It is indeed interesting how peer pressure can make you do things that you have a strong stand against. I am aware that there are two schools of thought on this. I'm no one to judge one as good or bad. In fact, I'm against all kinds of labelling stuff. Call it lack of self-control or plain cowardice, I did watch La Casa de Papel a.k.a. Money Heist.
When I watched the first four parts last year it was just to "evaluate" if the series was "worth" the hype and coverage that it got from the media. From 15-year-olds to adults, almost everyone I knew spoke with references from the Spanish television series. I had practically sworn to myself that I won't watch it just because it is hyped so much. But I caved. Worse, I got hooked to the series.
Well, at least in the beginning. Of my limited experience of watching series of varied genres, this is one of the rare ones that had kept me hooked throughout the run-time of the episodes. I am that kind of a person that appreciates the drama behind the high-octane action that unfolds. To elaborate, the motivation of the characters behind their action or behaviour (The Professor's almost obsessive adherence to restrain or the reason behind why Tokyo is such a loose cannon, for instance) interests me as much as their actions (if not more) themselves. Therefore, when a story, thanks to the structure, explores the psyche and psychologically deconstructs every character, I was hooked.
The first two parts (I have never really understood how parts constitute a season, somebody enlighten me on that) provided with a lot of material to mull over on that front. My favourite highs are the points where every time the gang hits a snag, the story goes back in time to reveal how the Professor has provided for practically eventuality. Watch out for the scene between the Professor and Alberto where they have a messy and even funny (to an extent it was funny) face-off of brawn vs brains. It does get exhausting at times because for someone to have almost a complete grasp of every person's emotions and behaviour in the opposition feels a bit stretched. But since, in my opinion, it is still in the gray area of possible and probable, I didn't really mind.
The character back stories are either narrated in a flashback or over dialogues. I think this is yet another great choice of taking the story forward. It would indeed be tedious to cut to a flashback right in the middle of a high-adrenaline heist or bore the people with long drawn-out expositions of the characters talking about their pasts. In the way we are introduced to their back-stories we don't really decide who is the main character. Of course, the obvious ones can be made out. But it is when we start to root for characters like Berlin and Nairobi is where we fall for the writing of the series.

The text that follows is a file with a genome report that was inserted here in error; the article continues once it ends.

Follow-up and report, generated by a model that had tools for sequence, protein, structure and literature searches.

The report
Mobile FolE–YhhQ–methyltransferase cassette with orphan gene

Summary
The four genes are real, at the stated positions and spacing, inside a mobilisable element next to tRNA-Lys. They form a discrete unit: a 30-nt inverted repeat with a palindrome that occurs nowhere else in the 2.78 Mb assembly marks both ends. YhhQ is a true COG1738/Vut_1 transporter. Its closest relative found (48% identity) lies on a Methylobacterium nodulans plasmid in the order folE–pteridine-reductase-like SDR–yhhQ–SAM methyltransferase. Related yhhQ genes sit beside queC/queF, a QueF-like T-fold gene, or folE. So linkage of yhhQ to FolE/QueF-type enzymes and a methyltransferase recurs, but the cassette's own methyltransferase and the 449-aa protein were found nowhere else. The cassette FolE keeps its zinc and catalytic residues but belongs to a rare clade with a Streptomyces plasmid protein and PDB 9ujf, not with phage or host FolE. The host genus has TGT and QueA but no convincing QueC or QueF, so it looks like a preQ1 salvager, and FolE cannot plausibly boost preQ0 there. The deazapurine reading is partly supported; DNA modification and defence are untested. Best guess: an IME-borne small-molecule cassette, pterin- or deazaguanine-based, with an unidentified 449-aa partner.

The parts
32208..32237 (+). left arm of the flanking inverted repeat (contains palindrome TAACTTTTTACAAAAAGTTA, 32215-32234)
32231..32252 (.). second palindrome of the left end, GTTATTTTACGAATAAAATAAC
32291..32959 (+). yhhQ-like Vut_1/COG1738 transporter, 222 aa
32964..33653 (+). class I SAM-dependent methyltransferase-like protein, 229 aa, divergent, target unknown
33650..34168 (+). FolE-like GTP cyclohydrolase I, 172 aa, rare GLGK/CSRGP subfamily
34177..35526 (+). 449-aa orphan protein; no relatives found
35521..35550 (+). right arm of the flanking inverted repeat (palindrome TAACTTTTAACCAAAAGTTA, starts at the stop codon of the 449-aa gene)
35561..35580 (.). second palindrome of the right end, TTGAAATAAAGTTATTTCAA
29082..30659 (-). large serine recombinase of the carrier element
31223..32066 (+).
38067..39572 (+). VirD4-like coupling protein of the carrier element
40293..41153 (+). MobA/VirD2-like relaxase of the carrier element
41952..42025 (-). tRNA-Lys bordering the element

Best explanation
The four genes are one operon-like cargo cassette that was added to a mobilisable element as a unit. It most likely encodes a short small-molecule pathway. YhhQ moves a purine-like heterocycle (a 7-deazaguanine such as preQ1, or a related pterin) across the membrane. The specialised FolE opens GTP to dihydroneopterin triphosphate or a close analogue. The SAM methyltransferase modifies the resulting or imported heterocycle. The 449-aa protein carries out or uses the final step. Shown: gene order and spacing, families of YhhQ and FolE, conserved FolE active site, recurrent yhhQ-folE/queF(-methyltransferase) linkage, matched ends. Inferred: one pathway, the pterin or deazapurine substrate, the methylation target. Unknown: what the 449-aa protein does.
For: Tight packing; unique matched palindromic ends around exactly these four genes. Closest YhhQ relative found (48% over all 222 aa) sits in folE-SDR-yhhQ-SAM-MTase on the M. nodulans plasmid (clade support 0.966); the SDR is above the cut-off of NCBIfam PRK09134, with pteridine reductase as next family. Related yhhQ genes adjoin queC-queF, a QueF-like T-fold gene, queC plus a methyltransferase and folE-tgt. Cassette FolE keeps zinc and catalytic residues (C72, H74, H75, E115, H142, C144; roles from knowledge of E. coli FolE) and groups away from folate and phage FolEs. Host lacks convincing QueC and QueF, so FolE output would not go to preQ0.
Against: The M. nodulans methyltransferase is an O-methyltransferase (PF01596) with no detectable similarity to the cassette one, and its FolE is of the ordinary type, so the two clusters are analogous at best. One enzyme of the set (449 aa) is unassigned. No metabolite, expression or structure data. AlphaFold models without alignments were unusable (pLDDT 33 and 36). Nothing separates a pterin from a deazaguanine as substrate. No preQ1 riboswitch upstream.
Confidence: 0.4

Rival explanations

Berlin has dedicated episodes where we go to the past and understand why he is the way he is. Whereas Nairobi, wins our hearts with her attitude, grit and sheer courage. We get to know about a dark part of her past through a shocking turn of events. But to make us understand the person behind the Dali masks we get to see how Nairobi bonds with the Professor and Tokyo. It is also important to notice that up until Part 5, we see the story through the eyes of Tokyo. I have always conducted various thought experiments and what-if scenarios in multi-starrer and multiple POV films and scenarios. It would be interesting to find out in whose POV the series moves forward hence forth.
With the casting, dialogues, music and the editing working in the favour of the makers, Part 3 and 4, despite being largely repetitive in terms of the way the narrative unfolds becomes bearable. I say bearable because the structure of narrative is the same and the scope for convolusions and surprises become scarce. I have wondered if there were any other ways to keep the audience engaging other than just wantonly "twisting" the plot. I would like to bring to your attention Sex Education. A fantastic example of throwing in surprises eventhough the structure of every episode is just the same. However, to be fair, it is a drama series which means that human behaviour and emotions have a lot more to explore. But I'm sure there is definitely a lesson or two to take for the makers of Money Heist. I think even Part 5 is the reason why wasn't as enjoyable for me. The structure was fixed. Other than the presence of a few mules in the hostages there wasn't much of a difference.
Definitely the Part finale has a lot of questions waiting to be answered. What would Rio do? How would the Professor take things further now that he also has the sympathy of one of his arch-nemeses? How would Monica a.k.a. Stockholm (loved the way they explored Stockholm's Syndrome in the first two Parts) come to terms with her action? Will Helsinki make it? What would Tamayo do now to get the robbers out? Would the governor take the place of Arturo? How would the relationship between Manila and Denver change? Would Palermo get back to normalcy any time? These are just a few questions, off the cuff, in just one watching of the Part 5. I'm sure the makers have answers to a substantial number of questions.
But I guess it is important to come up with a new narrative structure to engage the audience. Else, get ready to see this series reach the sorry fate of the Muni/Kanchana franchise. I sincerely hope there is a visible end to the series because if there is going to be another heist after this neither would I have the patience to watch it nor write about it (irrespective of the potential PR the next seasons or parts have).